Dr. Jonathan Harvey is available to comment on topics related to areas of interest or expertise. If you need further assistance, contact Public Affairs at 970-247-7401 or by email.
Jonathan Harvey is an assistant professor in the Department of Geosciences at Fort Lewis College. He joined the college in 2015. Harvey’s current research focuses on the rates and style of mountain building in the Nepalese Himalaya based on three years of fieldwork, labwork, and modeling. Upcoming research focuses on ancient and modern floods in slot canyons of the Colorado Plateau, and on using UAVs to map topography of landslides, river terraces, and other geomorphic features.
Prior to joining the faculty at Fort Lewis College, Harvey was an Instructor of Record at the University of California, Santa Barbara. He also served as a Hollings Scholar intern at the National Oceanic and Atmospheric Administration, a quaternary geologist for the National Park Service, an academic consultant for Pearson Publishing, and a geoscience intern for ExxonMobil Production Company. Harvey is a member of several professional associations, including the National Association of Geoscience Teachers, the American Geophysical Union, and the Geological Society of America.
Along-Strike Changes in Himalayan Thrust Geometry: Topographic and Tectonic Discontinuities in Western Nepal, co-authored with D. W. Burbank and B. Bookhagen, Lithosphere, 2015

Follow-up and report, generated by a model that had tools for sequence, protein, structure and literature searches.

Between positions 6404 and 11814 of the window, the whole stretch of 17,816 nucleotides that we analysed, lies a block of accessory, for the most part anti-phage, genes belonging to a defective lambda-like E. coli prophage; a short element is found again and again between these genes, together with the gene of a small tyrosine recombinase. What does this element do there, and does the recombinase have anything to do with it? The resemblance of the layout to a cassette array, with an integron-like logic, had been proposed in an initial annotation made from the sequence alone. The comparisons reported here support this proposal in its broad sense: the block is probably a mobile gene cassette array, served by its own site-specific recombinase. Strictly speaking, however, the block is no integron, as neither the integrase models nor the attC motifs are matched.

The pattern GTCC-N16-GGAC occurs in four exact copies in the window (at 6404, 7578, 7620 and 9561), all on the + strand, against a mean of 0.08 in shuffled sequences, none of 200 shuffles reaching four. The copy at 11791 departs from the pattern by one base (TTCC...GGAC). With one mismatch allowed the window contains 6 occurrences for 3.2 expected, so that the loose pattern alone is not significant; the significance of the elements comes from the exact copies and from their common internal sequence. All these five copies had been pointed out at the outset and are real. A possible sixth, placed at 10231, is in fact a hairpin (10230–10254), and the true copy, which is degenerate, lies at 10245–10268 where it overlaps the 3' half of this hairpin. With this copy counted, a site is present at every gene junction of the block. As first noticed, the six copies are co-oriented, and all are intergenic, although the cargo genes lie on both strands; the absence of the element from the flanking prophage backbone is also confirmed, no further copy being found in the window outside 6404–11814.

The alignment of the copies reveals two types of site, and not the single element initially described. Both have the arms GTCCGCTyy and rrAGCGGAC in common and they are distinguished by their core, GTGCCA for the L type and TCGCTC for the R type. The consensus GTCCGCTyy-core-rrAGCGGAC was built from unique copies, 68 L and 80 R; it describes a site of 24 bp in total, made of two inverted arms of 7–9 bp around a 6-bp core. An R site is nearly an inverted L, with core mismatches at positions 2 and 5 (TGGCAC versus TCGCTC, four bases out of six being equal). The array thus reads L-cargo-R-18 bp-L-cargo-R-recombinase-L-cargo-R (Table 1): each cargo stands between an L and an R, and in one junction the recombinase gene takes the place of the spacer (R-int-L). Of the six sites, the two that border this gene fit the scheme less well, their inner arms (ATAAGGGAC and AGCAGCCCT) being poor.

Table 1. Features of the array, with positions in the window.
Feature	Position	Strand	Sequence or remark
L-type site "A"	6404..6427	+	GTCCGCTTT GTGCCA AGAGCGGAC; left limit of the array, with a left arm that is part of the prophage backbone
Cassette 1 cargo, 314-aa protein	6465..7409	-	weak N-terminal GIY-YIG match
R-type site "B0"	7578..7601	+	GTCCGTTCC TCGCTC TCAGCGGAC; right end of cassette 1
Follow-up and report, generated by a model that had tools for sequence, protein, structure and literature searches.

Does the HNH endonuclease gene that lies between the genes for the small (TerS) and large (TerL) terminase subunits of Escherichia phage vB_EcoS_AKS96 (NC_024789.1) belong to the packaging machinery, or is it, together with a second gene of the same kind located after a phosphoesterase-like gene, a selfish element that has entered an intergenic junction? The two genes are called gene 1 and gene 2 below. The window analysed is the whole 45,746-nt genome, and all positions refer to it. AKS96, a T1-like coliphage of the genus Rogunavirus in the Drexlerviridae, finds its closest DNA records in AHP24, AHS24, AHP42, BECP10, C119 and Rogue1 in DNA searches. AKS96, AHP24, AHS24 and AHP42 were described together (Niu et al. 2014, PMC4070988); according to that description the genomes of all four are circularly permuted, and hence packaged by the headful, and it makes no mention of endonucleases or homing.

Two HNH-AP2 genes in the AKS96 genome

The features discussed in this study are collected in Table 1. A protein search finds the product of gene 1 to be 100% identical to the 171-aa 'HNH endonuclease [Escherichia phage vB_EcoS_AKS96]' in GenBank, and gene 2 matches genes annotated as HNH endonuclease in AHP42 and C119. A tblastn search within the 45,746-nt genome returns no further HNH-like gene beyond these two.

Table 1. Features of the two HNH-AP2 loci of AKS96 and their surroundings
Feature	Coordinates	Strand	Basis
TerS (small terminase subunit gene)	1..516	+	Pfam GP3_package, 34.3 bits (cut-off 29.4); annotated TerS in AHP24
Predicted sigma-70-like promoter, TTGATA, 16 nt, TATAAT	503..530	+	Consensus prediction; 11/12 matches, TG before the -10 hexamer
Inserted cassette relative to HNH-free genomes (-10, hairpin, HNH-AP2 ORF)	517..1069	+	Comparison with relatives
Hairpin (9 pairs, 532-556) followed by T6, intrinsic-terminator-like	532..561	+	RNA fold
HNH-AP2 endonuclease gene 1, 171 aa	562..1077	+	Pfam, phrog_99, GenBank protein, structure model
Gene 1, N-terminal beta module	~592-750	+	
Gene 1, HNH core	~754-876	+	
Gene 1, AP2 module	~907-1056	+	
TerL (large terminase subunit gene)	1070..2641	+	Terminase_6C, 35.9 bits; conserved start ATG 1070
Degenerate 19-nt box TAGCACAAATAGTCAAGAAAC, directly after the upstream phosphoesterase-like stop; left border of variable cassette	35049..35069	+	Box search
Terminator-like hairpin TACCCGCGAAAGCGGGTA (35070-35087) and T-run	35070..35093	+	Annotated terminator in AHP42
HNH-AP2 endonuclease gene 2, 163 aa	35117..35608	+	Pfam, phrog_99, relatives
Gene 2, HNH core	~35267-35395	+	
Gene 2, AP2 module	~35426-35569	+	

Reconciling Arroyo Cycle and Paleoflood Approaches to Late Holocene Alluvial Records in Dryland Streams, co-authored with J. L. Pederson, Quaternary Science Review, 2011
Exploring Relations between Arroyo Cycles and Canyon Paleoflood Records in Buckskin Wash, Utah - Reconciling Scientific Paradigms, co-authored with J. L. Pederson and T. M. Rittenour, GSA Bulletin, 2011
Assistant Professor of Geosciences Jon Harvey's research on a rockslide north of Durango is helping officials and residents deal with the ongoing geologic problem. [4/3/19]
Assistant Professor of Geosciences Jon Harvey and his geology students are using drone technology to monitor a major rockfall north of Durango to protect homeowners below. [6/6/18]